THE WOODLANDS, Texas – Chevron’s Joe Gregory offered his views and insights on deepwater challenges, technologies, and opportunities during the opening plenary session of the Deep Offshore Technology conference being held in The Woodlands. Gregory is General Manager, Major Capital Projects within Chevron’s Deepwater Exploration and Projects Business Unit.
Gregory spoke on several themes, starting with the importance of “incident and injury free” offshore operations. He said that the industry has a “collective responsibility to safety,” including operations and contracting personnel onsite. But he also noted that this commitment should also extend to those who design and fabricate the equipment and components used in offshore operations. All of these technologies, he said, “need to be designed and operated with safety in mind.”
Turning to the challenges of operating in the Gulf of Mexico, Gregory noted that all of Chevron’s recent major deepwater projects – Blind Faith, Tahiti, Jack/St. Malo, Bigfoot, and Buckskin & Moccasin – were found in the presalt areas, which had been “both a blessing and a curse.”
Gregory explained that the presalt areas made the fields difficult to find, and difficult to drill and access once they are found. But at the same time, he noted that the presalt formations tended to keep the hydrocarbons cool, and at lower temperatures than one might normally expect in such deepwater reserves.
Gregory noted that Chevron is quite active in the Gulf of Mexico, with seven producing fields, five deepwater developments, three discoveries in the appraisal process, and five operating drillships. He then turned to his attention to Jack/St. Malo and Bigfoot, Chevron’s two major upcoming projects in the deepwater Gulf of Mexico.
He noted that the hull of the Jack/St. Malo floating production unit, built by Samsung in Korea, will be the largest steel semisubmersible in the world, with more than 160,000 tons of displacement. It was recently transported to the Gulf of Mexico by theDockwise Vanguard on its maiden voyage. The FPU will be sited in more than 7,000 ft (2,134 m) of water, eclipsing that of Tahiti, Chevron’s previously deepest GoM development.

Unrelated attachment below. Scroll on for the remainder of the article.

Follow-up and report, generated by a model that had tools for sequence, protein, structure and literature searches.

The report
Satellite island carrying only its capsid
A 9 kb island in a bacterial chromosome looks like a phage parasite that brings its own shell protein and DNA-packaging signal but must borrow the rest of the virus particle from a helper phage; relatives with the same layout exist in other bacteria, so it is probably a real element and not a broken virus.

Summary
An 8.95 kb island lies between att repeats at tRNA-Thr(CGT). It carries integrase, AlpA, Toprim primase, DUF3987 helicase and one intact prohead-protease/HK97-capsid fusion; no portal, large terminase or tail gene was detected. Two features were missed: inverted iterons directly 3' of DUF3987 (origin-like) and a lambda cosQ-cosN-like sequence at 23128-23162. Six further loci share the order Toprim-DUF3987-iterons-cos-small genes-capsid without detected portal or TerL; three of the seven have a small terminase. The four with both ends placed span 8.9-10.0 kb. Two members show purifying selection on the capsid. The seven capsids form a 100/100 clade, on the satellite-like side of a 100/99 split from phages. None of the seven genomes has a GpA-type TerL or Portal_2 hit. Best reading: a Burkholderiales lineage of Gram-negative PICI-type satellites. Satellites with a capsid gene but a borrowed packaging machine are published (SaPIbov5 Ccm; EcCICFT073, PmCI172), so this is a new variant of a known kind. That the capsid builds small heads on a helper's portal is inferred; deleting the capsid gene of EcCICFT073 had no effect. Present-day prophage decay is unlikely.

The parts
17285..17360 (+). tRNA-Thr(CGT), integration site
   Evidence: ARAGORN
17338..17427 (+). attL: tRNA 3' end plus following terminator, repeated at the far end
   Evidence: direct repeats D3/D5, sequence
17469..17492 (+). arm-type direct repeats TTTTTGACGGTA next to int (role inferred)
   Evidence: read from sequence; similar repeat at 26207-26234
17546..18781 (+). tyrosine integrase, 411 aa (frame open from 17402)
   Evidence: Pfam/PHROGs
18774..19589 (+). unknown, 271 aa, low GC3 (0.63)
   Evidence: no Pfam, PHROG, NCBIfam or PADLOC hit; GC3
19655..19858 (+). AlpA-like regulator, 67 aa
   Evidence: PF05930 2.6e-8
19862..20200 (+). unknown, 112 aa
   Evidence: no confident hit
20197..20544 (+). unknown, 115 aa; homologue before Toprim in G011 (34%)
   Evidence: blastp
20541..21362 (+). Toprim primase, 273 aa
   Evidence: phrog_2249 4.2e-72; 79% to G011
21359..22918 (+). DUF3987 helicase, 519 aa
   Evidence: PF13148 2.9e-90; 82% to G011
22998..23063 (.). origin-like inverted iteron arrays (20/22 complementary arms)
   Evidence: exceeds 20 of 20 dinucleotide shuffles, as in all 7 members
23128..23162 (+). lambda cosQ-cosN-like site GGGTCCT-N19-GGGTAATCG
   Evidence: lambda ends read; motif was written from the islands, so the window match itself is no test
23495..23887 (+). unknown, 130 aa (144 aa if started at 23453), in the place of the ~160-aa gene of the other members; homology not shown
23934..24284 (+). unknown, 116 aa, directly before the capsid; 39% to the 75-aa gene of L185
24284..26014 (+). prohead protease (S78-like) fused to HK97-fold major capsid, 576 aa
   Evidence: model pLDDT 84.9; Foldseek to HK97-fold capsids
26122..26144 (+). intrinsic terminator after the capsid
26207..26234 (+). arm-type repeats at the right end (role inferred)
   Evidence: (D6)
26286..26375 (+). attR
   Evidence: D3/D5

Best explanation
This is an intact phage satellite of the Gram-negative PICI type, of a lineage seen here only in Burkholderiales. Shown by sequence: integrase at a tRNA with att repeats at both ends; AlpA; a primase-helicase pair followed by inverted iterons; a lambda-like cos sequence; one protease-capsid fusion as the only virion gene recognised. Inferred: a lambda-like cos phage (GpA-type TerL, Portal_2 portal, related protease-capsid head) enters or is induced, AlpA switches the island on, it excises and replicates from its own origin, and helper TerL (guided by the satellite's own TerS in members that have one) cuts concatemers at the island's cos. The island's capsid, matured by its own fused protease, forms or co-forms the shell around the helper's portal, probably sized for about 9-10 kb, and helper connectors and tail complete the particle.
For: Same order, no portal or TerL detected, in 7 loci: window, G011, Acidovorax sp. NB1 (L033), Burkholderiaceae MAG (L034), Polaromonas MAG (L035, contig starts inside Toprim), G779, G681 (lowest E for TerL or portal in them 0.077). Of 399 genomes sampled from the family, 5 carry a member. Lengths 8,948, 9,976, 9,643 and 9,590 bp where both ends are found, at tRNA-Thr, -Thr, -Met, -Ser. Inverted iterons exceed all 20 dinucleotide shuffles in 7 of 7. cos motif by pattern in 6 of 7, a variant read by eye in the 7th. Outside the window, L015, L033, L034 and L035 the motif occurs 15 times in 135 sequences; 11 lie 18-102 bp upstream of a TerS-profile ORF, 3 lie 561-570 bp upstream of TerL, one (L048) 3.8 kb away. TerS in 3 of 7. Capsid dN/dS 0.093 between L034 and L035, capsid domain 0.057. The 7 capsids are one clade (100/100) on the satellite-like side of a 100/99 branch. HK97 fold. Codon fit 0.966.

When placed online next year, it will tie in production from the Jack, St. Malo, and Julia fields. The Jack/St. Malo FPU will be Chevron’s largest facility in the Gulf, with a production capacity of 177 Mboe/d, expandable up to 269 Mboe/d.
For its part, the Bigfoot project will have the world’s largest TLP, with 16 mi of pipe. It is also scheduled for a 2014 startup.
Gregory said that Chevron is employing several new and proven technologies to find and develop these fields, including subsalt imaging, dual gradient drilling, single trip multi zone frac packs for completions, subsea boosting and separating, and well intervention systems. He also said that Chevron was pursuing ultra-deepwater development out to 10,000 ft (3,048 m) of water.
He noted that artificial lift technologies would be especially important for future deepwater development, since higher recovery rates are vital to project economics. Gregory said that Chevron was employing “deep set” dual electrical submersible pumps to boost production rates and enhance ultimate recovery. He also said that seafloor boosting will be improved by using single phase pumps early in field life, followed by multi-phase pumps later in field life.
Gregory said that the main challenges for deepwater development going forward would be enhancing and maintaining safety; preserving the supply chain; and retaining skilled labor.
Another key issue would be the overall industry level of activity, which affects equipment fabrication and rig demand. New technologies, he noted, need time for development and testing, to ensure that they meet both technical and regulatory requirements.